Erin McLeod on Pride & Athlete Ally
Erin McLeod is a goalkeeper for the NWSL’s Orlando Pride and Canadian national team. She is a 2020 Olympic Gold Medalist. Along with many of her teammates, Erin joined athletes all over the country by supporting Playing for Pride throughout the month of June (and beyond!) to benefit Athlete Ally.
Why did you decide to support Athlete Ally’s Playing for Pride campaign this year?
This year – more than any year, for sure – there has been an attack on trans youth. It’s a scary time in the U.S for a lot of reasons, but I think it’s really important for young people to see people who are like them, whether that’s on TV or [elsewhere]. Representation is huge and visibility is massive and I think as professional athletes, especially female professional athletes or trans athletes, we have this opportunity to be visible to be relatable, to be reachable. At a lot of professional sports games you get to actually meet the players and that’s kind of a unique situation. So I always think that it is important for people to see someone who is like them. It means that anything is possible, that they can be authentically themselves. [Things like sexual orientation and gender] can be challenging and fragile, and there’s a lot of pressures from society, so I think as professional athletes we have this opportunity to stand up for what we believe in and for young people to see that they are not alone is incredibly important.
Representation is huge and visibility is massive and I think as professional athletes, especially female professional athletes or trans athletes, we have this opportunity to be visible to be relatable, to be reachable.Erin McLeod
Why is it important to celebrate Pride?
Kind of along those same lines! For me, the first time I went to a Pride parade was in Toronto a million years ago. When I was first struggling with my sexual orientation I was worried because I had pictured having this family and children and I thought that if I didn’t end up with a man that I would have to sacrifice all of that. I remember watching that Pride parade and there was a section of families. Two moms, two dads and for the first time I felt this sense of relief that I could live an authentic life, be true to who I am and also have a family. So that was a huge moment. That visibility I think is incredibly powerful. More than anything, I think in life sometimes the hardest thing is to be who you are. So if you can just be that and love who you want I think that is powerful and something to really celebrate.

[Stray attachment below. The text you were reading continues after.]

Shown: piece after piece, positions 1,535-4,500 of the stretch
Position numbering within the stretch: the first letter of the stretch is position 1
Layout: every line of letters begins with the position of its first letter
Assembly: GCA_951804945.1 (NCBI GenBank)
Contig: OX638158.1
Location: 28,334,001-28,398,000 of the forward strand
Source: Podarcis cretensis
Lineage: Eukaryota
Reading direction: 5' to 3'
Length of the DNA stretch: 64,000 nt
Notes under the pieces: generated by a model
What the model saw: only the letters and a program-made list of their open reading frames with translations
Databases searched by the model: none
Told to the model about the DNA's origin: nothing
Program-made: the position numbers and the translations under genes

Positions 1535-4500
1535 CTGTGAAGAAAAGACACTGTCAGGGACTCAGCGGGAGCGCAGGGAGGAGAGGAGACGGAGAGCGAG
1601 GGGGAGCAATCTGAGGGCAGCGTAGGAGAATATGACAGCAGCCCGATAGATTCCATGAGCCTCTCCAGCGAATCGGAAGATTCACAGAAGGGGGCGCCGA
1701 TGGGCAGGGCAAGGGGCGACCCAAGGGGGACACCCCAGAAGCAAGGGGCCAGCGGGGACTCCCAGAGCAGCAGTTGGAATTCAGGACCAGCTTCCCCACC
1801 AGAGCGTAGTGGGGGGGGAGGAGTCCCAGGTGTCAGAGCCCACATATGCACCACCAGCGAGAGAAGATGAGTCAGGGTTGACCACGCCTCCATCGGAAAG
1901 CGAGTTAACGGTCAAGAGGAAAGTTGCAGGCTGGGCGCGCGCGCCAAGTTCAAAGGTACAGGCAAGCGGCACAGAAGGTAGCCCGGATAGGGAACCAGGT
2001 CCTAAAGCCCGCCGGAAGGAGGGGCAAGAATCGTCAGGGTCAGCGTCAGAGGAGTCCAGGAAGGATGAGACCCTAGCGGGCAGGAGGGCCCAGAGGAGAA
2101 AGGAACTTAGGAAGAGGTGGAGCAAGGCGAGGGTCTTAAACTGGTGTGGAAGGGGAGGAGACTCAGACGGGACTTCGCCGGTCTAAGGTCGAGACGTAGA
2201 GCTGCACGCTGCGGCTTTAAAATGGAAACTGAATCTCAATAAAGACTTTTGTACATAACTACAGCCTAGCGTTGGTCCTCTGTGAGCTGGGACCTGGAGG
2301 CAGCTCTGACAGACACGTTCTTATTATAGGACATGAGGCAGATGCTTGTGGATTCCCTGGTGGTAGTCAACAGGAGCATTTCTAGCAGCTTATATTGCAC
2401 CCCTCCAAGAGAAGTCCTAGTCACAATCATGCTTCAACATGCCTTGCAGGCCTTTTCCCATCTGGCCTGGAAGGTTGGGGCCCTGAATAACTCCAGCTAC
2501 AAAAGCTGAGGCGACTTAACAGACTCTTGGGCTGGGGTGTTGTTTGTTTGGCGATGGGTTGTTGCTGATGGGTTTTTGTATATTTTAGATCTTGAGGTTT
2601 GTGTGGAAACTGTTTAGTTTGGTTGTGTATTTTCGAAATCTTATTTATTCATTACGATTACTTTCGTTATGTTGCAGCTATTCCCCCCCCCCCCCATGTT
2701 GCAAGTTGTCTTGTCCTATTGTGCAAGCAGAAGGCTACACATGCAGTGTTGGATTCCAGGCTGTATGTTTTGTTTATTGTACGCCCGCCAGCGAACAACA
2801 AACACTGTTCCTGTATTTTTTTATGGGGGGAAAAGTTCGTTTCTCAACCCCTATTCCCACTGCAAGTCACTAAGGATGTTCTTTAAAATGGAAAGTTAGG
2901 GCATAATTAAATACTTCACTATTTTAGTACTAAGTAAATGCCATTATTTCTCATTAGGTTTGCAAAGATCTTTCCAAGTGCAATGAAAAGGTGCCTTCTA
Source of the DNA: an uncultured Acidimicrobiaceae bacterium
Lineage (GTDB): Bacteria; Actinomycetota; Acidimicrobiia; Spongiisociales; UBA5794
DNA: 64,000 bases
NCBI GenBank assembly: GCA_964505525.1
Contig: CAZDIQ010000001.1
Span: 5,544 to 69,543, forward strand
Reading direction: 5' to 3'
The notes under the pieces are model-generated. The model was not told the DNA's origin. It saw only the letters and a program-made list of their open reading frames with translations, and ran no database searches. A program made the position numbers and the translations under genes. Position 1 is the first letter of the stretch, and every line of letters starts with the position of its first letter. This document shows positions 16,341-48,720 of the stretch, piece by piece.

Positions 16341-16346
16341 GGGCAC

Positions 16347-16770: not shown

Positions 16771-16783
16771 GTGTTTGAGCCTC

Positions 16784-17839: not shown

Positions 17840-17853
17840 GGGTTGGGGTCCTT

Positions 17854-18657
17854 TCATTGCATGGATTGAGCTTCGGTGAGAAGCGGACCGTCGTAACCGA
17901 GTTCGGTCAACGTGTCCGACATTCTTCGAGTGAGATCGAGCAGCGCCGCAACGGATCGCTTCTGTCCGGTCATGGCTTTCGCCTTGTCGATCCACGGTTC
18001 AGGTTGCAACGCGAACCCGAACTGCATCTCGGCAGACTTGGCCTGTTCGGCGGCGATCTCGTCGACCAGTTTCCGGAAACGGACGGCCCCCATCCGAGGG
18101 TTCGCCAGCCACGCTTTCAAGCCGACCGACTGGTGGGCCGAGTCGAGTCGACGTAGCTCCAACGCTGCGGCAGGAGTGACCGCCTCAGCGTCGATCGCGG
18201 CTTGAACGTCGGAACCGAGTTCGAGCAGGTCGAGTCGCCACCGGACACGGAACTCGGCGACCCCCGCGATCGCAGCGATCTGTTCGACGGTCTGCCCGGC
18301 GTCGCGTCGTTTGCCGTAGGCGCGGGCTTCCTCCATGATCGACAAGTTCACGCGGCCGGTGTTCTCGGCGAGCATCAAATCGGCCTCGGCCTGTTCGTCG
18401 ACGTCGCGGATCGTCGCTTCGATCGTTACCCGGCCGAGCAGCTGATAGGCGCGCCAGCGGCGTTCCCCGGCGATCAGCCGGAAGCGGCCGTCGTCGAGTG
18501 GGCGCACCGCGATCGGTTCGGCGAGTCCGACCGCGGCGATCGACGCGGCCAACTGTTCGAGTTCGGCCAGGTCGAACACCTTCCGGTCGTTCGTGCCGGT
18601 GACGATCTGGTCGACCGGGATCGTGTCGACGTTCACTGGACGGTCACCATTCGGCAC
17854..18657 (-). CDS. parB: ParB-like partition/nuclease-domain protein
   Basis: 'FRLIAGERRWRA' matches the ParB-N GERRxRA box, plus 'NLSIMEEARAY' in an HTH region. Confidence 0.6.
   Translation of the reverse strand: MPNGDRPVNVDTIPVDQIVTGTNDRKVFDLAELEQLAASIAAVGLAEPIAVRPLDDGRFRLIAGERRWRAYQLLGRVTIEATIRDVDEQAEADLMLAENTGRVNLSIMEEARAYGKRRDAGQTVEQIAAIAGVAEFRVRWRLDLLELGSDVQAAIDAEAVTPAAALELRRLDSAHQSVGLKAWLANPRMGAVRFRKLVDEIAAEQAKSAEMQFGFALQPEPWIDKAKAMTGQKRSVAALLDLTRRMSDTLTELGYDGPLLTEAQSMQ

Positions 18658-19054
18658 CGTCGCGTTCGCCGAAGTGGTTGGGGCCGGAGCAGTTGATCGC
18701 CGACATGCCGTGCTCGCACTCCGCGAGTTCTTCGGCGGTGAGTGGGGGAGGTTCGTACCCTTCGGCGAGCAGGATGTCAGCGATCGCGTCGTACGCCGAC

Why is it important to support the LGBTQ+ community?
As I mentioned before, trans youth is getting hammered. There are so many politicians that are trying to create a lot of laws and limitations on trans youth, and trans people in general. It’s hard enough to be who you are even if you’re straight! So to be who you are and to figure out how you identify, your gender expression, your gender identity, to find out your sexual orientation, all of these things, it is a process. Straight people are still not coming out to their parents and until that happens, it is still not the norm of society so I think it’s important to help those people feel loved for being who they are. Love is really the most important thing in the world. And the way I see love is it’s unconditional and it doesn’t discriminate. So why should we?
Love is really the most important thing in the world. And the way I see love is it’s unconditional and it doesn’t discriminate. So why should we?Erin McLeod
Why is it important to use your platform to support and uplift LGBTQ+ rights?
As someone who identifies as a gay cisgender woman, I think it’s important to be who I am and not have to hide any part of me because in life we can choose to live a life of love and abundance or fear and scarcity and I think a lot of times, right now anyways, society is making people feel afraid to be who they are and I feel like real happiness is only reached when you are authentic. So it’s important to speak for those who don’t feel comfortable speaking and I also think it’s important for people to understand that all of these labels are labels and at the end of the day we are just dealing with human beings. The end of ignorance is education and for people like myself to use our platform to educate.
The end of ignorance is education and for people like myself to use our platform to educate.Erin McLeod
About Athlete Ally
Athlete Ally is a nonprofit organization that uses the power of sport to uplift and end discrimination against the LGBTQI+ community. The organization believes that everyone should have equal access, opportunity, and experience in sports — regardless of sexual orientation, gender identity or gender expression. Their mission is to end the rampant homophobia and transphobia in sport and to activate the athletic community to exercise their leadership to champion LGBTQI+ equality. Learn more about Athlete Ally and how to support their incredible work here.